India, February 18, 2017

Day 6, Jodhpur

This is our second day in Jodhpur, ancient trade cente for opium, copper, silk, sandals, date palm and coffee. The city was founded in 1459 by Rao Jodha a clan chieftain.  Our day was packed with sightseeing, starting with Jaswant a white marble memorial built in 1899 for Maharaja-Jaswant Singh II (featured photo, and no we aren’t starting to dress alike, this is a one off). This royal family is still living in Jodhpur and are currently living in a 365 room palace that has been partially converted to an exclusive hotel.

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Our second stop was the magnificent Mehrangarh Fort, which was built by Maharajah Man Singh in 1808 following his defeat of invading forces from Jaipur.  The fort is in Trust and run by the Jodhpur royal family.  Although the fort is carved from sandstone, it is so finely done as to resemble sandalwood in the intricate latticework windows.

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The Takhat Vilas was the bedchamber of the deprived Maharaja Takhat, who had just 30 maharanis and many concubines.  The maharanis lived in the zenana and were able to view the world through the carved lattice windows.  Currently the zenana is used to display the royal cradles.

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This gated entrance was an access and processional road for elephants and horses entering and leaving the fort.  The gate is studded with long metal spikes to keep the elephants of invading forces from gaining entry. The zenana can be seen in the upper left of the photo.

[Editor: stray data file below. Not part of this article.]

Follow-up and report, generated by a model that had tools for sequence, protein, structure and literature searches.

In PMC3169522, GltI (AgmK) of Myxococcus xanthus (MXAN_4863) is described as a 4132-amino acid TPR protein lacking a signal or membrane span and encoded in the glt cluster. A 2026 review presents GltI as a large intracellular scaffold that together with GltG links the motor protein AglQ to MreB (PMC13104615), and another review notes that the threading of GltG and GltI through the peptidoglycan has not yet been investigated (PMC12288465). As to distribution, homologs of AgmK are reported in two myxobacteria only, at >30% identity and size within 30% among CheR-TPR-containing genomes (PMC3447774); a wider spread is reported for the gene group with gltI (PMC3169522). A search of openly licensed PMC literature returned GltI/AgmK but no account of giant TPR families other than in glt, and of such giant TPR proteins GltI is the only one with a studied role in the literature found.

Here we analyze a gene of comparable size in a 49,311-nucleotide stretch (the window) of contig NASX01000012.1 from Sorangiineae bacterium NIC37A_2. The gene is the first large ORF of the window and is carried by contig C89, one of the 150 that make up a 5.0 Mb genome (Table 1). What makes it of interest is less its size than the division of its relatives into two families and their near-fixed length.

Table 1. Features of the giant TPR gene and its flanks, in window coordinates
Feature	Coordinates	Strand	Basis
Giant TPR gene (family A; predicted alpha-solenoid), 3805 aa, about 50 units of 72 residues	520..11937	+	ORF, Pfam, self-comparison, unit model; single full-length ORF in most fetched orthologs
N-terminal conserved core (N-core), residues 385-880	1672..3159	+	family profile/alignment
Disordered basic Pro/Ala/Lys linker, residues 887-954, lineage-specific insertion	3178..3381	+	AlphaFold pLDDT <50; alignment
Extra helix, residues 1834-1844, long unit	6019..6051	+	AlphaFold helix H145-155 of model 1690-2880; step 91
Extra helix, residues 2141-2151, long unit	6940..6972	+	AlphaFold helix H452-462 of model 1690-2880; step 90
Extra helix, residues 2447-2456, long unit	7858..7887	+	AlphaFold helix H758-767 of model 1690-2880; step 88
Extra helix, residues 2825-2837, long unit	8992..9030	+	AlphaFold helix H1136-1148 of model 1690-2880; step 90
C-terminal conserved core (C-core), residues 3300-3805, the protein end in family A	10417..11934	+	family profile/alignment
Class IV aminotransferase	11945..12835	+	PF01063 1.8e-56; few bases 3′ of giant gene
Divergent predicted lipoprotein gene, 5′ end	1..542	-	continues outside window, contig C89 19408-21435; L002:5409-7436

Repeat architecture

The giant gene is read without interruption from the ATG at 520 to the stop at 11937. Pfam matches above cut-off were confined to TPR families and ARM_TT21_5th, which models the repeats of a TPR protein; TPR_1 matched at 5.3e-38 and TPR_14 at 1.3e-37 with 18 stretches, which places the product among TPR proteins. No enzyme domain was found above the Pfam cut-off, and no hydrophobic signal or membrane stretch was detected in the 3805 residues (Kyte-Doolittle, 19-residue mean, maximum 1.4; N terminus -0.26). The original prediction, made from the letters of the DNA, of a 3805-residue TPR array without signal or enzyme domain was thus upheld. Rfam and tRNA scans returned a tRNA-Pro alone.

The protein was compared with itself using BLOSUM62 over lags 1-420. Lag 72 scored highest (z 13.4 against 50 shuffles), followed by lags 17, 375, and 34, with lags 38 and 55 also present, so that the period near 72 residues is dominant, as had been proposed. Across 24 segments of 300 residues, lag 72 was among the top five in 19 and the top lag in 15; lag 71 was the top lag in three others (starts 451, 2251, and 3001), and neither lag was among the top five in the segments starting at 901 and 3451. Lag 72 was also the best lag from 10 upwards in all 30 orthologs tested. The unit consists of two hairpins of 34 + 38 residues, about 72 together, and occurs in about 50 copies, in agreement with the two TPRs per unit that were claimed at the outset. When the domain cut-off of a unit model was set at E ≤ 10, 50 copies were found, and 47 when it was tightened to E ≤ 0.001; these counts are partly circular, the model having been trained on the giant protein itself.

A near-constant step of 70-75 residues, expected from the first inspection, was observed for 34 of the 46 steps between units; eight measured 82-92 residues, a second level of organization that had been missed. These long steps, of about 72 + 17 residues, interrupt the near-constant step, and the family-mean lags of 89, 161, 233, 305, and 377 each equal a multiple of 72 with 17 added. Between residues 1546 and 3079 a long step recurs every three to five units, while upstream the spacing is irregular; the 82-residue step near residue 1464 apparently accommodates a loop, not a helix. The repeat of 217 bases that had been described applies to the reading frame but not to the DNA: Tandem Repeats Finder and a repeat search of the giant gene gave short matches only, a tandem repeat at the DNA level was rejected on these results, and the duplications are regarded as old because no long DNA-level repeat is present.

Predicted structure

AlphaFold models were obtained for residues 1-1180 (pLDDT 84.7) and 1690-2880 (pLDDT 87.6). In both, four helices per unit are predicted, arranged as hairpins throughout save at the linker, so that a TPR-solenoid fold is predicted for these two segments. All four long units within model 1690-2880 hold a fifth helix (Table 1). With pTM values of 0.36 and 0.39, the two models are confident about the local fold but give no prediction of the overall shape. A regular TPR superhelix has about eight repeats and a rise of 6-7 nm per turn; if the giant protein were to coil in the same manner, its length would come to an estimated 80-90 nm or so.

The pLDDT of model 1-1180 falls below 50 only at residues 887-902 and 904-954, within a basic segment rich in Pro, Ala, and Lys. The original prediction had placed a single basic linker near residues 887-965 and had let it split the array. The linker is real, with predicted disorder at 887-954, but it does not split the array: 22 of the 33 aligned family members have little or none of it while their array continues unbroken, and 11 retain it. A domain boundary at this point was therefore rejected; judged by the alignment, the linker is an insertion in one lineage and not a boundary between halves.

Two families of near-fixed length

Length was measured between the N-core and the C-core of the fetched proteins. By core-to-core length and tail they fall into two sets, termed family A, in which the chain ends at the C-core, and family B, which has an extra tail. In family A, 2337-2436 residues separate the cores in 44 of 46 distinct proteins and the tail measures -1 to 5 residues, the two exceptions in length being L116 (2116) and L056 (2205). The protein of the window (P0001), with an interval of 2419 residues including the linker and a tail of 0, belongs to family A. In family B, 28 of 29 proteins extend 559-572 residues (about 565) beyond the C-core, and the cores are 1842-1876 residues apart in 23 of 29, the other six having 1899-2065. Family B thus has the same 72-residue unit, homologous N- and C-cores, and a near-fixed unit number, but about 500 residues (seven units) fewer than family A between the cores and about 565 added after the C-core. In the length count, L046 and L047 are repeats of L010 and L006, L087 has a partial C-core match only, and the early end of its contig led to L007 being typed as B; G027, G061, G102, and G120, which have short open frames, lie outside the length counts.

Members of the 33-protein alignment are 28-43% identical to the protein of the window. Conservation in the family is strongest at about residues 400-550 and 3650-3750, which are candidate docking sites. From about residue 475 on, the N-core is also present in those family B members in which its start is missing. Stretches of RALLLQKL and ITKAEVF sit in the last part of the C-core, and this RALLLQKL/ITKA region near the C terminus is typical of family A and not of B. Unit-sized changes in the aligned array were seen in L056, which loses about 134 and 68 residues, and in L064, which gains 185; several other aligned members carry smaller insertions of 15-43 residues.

This ornate hall was the meditation room. I had a hard time imagining meditation in such busy and distracting surroundings.

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The fort has been undergoing restoration since 1972.  The gentleman below is restoring a royal palanquin (a spoil of war).

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Jodhpur is famous for it’s artists of miniature paintings.  The fort had some of the finest examples on display. This is Ambika being praised by the gods for defeating the usurper monkey demon.

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Jodhpur is known as the blue city.  With this view from the fort, the reason for the name became apparent.

Suzanne and I are still adjusting to the time and temperature change.  By the time we finished lunch and headed to Mandore Garden temperature was over 90 degrees.  The Mandore Garden has some of the earliest royal memorial buildings in Jodhpur.

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Tomorrow we are off to the old clock tower and city bazaar.

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